MSPB Appellant challenges Administrative Judge's Decision
Due Process is a fundamental tenet of the legal process and a constitutional
right. So what happens when a violation of this right costs a federal
employee his or her job?
This is the question that Cody Seeler recently put before the
Merit System Protection Board
in his appeal of his removal from employment with the National Park Service.
Mr. Seeler was removed from his position when he allegedly refused to
attend what the Agency deemed to be a mandatory training session. In his
appeal, Mr. Seeler contended he had no prior knowledge that this training
was a requirement for his position. Upon review of the facts of this case,
the Administrative Judge made an ex-parte communication to Mr. Seeler's
Acting Chief to clarify a statement in the notice of proposed removal.
In her decision the Administrative Judge referred to comments made during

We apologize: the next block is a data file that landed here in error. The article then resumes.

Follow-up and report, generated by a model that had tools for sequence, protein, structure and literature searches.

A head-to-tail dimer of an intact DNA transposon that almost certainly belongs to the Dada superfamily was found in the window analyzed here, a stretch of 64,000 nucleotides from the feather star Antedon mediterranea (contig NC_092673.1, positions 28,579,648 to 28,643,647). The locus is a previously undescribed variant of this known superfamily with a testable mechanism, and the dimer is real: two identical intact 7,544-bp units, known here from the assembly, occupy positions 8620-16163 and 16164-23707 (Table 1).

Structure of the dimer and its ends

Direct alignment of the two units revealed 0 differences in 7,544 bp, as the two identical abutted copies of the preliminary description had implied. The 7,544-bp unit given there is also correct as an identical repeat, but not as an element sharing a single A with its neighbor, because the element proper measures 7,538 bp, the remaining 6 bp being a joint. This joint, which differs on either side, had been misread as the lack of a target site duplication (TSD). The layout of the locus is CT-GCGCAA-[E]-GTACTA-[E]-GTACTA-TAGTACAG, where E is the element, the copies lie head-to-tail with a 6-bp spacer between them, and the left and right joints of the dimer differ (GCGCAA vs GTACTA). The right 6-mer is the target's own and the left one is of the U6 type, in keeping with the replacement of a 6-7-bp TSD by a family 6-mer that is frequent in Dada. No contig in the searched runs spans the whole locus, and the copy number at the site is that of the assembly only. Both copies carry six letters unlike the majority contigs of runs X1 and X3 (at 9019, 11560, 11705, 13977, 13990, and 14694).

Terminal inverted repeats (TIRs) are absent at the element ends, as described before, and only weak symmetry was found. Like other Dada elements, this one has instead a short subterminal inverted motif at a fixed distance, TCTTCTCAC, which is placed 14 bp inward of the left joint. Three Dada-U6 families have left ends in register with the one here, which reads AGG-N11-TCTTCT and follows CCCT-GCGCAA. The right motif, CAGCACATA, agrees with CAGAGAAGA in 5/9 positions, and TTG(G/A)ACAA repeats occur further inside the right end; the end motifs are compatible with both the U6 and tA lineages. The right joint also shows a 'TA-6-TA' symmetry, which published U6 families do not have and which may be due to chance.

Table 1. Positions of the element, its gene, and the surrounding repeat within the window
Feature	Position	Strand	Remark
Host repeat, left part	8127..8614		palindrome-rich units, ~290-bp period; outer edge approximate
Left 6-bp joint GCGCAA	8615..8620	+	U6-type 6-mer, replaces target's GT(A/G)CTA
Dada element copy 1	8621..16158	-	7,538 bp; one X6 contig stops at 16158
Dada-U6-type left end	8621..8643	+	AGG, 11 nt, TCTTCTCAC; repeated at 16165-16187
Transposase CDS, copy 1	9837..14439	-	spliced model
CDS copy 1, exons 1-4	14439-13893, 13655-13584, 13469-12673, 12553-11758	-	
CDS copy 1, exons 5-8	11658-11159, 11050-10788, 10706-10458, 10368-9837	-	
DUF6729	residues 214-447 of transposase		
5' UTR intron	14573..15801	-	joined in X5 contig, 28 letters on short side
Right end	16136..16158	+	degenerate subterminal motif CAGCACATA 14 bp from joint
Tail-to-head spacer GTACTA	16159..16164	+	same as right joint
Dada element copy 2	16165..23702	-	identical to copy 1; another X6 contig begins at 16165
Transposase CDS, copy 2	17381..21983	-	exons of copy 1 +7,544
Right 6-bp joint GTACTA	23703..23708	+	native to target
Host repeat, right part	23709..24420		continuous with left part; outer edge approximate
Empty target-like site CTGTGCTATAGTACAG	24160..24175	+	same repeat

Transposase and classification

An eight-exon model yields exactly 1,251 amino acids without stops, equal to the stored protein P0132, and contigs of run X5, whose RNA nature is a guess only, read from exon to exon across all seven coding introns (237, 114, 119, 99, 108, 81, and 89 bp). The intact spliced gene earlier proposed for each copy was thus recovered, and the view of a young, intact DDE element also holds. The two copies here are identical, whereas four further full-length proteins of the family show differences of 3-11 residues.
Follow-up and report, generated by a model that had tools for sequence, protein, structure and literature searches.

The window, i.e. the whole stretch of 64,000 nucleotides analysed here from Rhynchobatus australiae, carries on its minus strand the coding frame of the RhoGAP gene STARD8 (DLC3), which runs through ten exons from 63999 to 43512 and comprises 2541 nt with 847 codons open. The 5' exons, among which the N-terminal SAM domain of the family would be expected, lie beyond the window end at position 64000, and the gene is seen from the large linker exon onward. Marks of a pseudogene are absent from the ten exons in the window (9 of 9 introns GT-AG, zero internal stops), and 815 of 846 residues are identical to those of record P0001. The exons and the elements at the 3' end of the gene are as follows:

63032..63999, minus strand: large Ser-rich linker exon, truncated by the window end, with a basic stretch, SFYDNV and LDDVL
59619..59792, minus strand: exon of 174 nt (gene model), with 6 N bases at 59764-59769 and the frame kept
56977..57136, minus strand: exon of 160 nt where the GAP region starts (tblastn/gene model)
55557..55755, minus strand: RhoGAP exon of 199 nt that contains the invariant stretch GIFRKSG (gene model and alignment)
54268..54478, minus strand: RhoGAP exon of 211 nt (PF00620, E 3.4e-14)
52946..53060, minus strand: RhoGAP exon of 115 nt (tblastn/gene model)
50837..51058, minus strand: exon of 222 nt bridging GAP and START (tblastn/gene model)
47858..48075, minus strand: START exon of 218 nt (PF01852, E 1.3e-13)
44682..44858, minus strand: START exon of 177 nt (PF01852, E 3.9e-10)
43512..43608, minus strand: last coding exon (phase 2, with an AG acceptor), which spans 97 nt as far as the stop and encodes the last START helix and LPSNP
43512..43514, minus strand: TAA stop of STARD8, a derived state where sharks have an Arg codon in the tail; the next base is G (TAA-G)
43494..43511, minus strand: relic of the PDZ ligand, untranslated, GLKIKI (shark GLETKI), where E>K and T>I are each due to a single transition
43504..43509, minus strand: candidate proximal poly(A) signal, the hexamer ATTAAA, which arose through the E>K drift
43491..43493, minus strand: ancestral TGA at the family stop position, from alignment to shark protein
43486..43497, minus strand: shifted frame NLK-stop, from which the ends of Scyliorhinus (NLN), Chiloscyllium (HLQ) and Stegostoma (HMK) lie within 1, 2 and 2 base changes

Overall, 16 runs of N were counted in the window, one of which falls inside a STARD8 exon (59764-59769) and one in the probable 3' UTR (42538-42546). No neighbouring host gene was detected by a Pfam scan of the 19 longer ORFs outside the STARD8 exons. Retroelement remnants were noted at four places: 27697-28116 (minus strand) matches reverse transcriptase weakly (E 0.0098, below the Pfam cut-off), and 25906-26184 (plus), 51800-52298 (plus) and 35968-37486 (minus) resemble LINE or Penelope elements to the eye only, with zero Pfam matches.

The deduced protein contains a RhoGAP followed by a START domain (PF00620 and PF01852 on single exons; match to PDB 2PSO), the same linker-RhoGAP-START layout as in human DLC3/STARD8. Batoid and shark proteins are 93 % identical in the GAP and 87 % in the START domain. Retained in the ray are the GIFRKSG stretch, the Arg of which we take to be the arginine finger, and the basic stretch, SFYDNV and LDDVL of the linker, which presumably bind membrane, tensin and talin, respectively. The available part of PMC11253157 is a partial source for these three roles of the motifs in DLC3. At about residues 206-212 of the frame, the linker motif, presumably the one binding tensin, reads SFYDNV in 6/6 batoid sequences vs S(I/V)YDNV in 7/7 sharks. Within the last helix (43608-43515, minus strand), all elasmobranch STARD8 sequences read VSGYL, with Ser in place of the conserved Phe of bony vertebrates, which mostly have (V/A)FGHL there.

said ex-parte communication that were not contained in the notice of proposed
removal or the record. The Board found that in relying on statements made
during her ex-parte communication the Administrative Judge deprived Mr.
Seeler of his right to due process in that the additional comments made
by the Acting Chief were new and material information that Mr. Seeler
did not have notice of or an opportunity to respond to and were clearly
relied upon by the Judge in making her decision to uphold his removal.
In its decision the MSPB reiterated that federal employees cannot be removed
from employment when the removal proceeding is conducted in violation
of their right to due process. The removal was overturned as a result
of the harmful procedural error.